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The Telecom Digest for December 11, 2012
Volume 31 : Issue 289 : "text" Format
Messages in this Issue:
Sophisticated botnet steals more than $47M by infecting PCs and phones (Monty Solomon)
Disruptions: How Smartphones Are Making Wallets Obsolete (Monty Solomon)
Hands-on: Gmail 2.0 for iOS is more Google-Plus-ified than ever (Updated)
(Monty Solomon)

====== 31 years of TELECOM Digest -- Founded August 21, 1981 ======

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Date: Mon, 10 Dec 2012 00:59:25 -0500 From: Monty Solomon <monty@roscom.com> To: telecomdigestmoderator.remove-this@and-this-too.telecom-digest.org. Subject: Sophisticated botnet steals more than $47M by infecting PCs and phones Message-ID: <p06240826cceb29eea2f5@[]> Sophisticated botnet steals more than $47M by infecting PCs and phones Intercepts SMS messages from bank, defeating two-factor authentication. by Sean Gallagher Dec 5 2012 Ars Technica A new version of the Zeus trojan - a longtime favorite of criminals conducting online financial fraud - has been used in attacks on over 30,000 electronic banking customers in Europe, infecting both their personal computers and smartphones. The sophisticated attack is designed to circumvent banks' use of two-factor authentication for transactions by intercepting messages sent by the bank to victims' mobile phones. The malware and botnet system, dubbed "Eurograbber" by security researchers from Check Point Software and Versafe, was first detected in Italy earlier this year. It has since spread throughout Europe. Eurograbber is responsible for more than $47 million in fraudulent transfers from victims' bank accounts, stealing amounts from individual victims that range from 500 Euros (about $650) to 25,000 Euros (about $32,000), according to a report published Wednesday. The malware attack begins when a victim clicks on a malicious link, possibly sent as part of a phishing attack. Clicking on the link directs them to a site that attempts to download one or more trojans: customized versions of Zeus and its SpyEye and CarBerp variants that allow attackers to record Web visits and then inject HTML and JavaScript into the victim's browser. The next time the victim visits their bank website, the trojans capture their credentials and launch a JavaScript that spoofs a request for a "security upgrade" from the site, offering to protect their mobile device from attack. The JavaScript captures their phone number and their mobile operating system information - which are used in the second level of Eurograbber's attack. ... http://arstechnica.com/security/2012/12/sophisticated-botnet-steals-more-than-47m-by-infecting-pcs-and-phones/ https://www.checkpoint.com/products/downloads/whitepapers/Eurograbber_White_Paper.pdf
Date: Mon, 10 Dec 2012 00:48:00 -0500 From: Monty Solomon <monty@roscom.com> To: telecomdigestmoderator.remove-this@and-this-too.telecom-digest.org. Subject: Disruptions: How Smartphones Are Making Wallets Obsolete Message-ID: <p06240824cceb27b71e20@[]> Disruptions: How My Smartphone Emptied My Pockets By NICK BILTON DECEMBER 9, 2012 Growing up, I noticed that something happened to my father as he aged: his wallet expanded with each passing year. There were new credit cards, membership cards, coffee cards, business cards, pictures of his family, stamps and other plastic and paper things, added almost weekly. Eventually, his wallet grew so large that he would pull it out of his back pocket when he sat down, dropping it on the table like a brick. As I've grown older, something entirely different has happened to my wallet: each year, it has become slimmer. Things that once belonged there have gradually been siphoned out by my smartphone. Last week, I realized I didn't need to carry a wallet anymore. My smartphone had replaced almost everything in it. So, it's gone. Add that to the pile of things - my address books, Filofax, portable music player, point-and-shoot camera, printouts of maps - that have melded into the smartphone. So where did the things that used to live in my wallet go? ... http://bits.blogs.nytimes.com/2012/12/09/disruptions-how-my-smartphone-emptied-my-pockets/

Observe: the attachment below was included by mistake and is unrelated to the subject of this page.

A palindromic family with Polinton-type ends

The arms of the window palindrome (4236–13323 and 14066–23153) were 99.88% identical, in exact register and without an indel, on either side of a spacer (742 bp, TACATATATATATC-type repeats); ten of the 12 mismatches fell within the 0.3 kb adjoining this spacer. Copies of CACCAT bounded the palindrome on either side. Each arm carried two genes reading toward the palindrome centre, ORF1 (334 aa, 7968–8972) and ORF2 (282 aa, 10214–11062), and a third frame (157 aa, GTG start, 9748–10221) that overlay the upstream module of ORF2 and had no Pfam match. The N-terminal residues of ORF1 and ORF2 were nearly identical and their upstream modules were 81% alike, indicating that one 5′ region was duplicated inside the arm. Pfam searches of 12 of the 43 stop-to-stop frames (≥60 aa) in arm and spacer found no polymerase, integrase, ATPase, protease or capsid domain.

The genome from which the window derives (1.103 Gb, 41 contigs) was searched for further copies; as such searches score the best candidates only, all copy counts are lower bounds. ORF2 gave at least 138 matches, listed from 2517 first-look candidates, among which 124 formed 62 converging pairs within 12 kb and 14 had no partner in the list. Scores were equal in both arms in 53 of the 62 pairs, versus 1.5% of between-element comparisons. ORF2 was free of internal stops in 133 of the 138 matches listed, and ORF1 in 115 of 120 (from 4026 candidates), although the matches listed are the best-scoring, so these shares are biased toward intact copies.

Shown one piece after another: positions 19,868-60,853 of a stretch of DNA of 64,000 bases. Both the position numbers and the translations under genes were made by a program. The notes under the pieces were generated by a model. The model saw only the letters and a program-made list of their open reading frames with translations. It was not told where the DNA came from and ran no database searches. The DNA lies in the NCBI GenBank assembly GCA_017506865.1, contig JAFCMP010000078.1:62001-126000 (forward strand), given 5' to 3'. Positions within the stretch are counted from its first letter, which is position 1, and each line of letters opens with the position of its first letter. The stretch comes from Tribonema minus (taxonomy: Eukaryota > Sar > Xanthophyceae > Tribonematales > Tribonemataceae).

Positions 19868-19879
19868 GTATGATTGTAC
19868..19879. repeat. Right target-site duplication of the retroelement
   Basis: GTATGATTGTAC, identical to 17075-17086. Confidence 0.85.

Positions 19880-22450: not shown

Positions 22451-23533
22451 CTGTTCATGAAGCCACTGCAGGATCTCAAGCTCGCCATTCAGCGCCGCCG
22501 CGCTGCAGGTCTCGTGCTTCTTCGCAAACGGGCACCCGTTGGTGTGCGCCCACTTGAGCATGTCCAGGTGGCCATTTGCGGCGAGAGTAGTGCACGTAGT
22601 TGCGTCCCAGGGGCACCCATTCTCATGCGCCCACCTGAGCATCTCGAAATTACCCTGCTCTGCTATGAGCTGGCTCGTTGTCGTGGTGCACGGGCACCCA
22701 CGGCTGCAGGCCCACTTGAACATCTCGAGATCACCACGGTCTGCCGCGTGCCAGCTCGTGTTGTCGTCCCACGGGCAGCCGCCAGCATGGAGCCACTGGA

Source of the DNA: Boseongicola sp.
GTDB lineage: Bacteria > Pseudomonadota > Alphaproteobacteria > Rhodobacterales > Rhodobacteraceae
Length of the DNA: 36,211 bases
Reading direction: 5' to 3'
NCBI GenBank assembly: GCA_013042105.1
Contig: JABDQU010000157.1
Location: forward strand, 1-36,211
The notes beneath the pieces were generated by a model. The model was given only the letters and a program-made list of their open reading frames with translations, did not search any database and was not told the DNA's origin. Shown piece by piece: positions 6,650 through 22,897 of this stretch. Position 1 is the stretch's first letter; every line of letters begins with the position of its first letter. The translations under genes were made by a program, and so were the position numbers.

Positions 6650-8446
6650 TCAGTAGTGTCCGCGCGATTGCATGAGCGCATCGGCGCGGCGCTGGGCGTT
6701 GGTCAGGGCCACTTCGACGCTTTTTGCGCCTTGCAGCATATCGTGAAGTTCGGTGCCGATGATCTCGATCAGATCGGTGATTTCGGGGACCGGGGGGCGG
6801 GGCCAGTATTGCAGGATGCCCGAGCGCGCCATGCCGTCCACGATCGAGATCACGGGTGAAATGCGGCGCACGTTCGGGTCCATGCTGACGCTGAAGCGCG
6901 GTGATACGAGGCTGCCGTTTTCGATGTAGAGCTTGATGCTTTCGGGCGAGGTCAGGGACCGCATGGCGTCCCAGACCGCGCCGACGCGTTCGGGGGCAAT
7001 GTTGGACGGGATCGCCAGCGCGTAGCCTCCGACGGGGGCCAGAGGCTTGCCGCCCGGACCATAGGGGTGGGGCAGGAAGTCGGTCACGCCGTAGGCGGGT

Date: Mon, 10 Dec 2012 01:47:16 -0500 From: Monty Solomon <monty@roscom.com> To: telecomdigestmoderator.remove-this@and-this-too.telecom-digest.org. Subject: Hands-on: Gmail 2.0 for iOS is more Google-Plus-ified than ever (Updated) Message-ID: <p0624082acceb35bb66f3@[]> Hands-on: Gmail 2.0 for iOS is more Google-Plus-ified than ever (Updated) Aside from the UI, multiple account support is the best new feature. by Jacqui Cheng Dec 4 2012 Ars Technica Google completely redesigned its Gmail app for iOS, releasing the 2.0 version to users through the App Store on Tuesday afternoon. And although the feature list may not be lengthy, the ones that were added have so far been met with great jubilation from regular Gmail users. In addition to being Google-Plus-ified in the UI (which may or may not be a good thing, depending on how you feel about Google+), the app has gained a number of very practical features. These may tempt users of Mail-or even Sparrow-away from their apps of choice. I decided to take the Gmail 2.0 app for a spin after its release (which is apparently still making its way through the App Store for some users). As noted above, the first thing I noticed was how much the interface has been redone to more closely resemble the redesigned Google+ app released earlier this year. The fonts now match between the apps, and Google uses a clean-but appropriately colorful-layout to draw the eye to the appropriate buttons and avatars. Lots of avatars. Everywhere Google can fit them in. ... http://arstechnica.com/apple/2012/12/hands-on-gmail-2-0-for-ios-is-more-google-plus-ified-than-ever/
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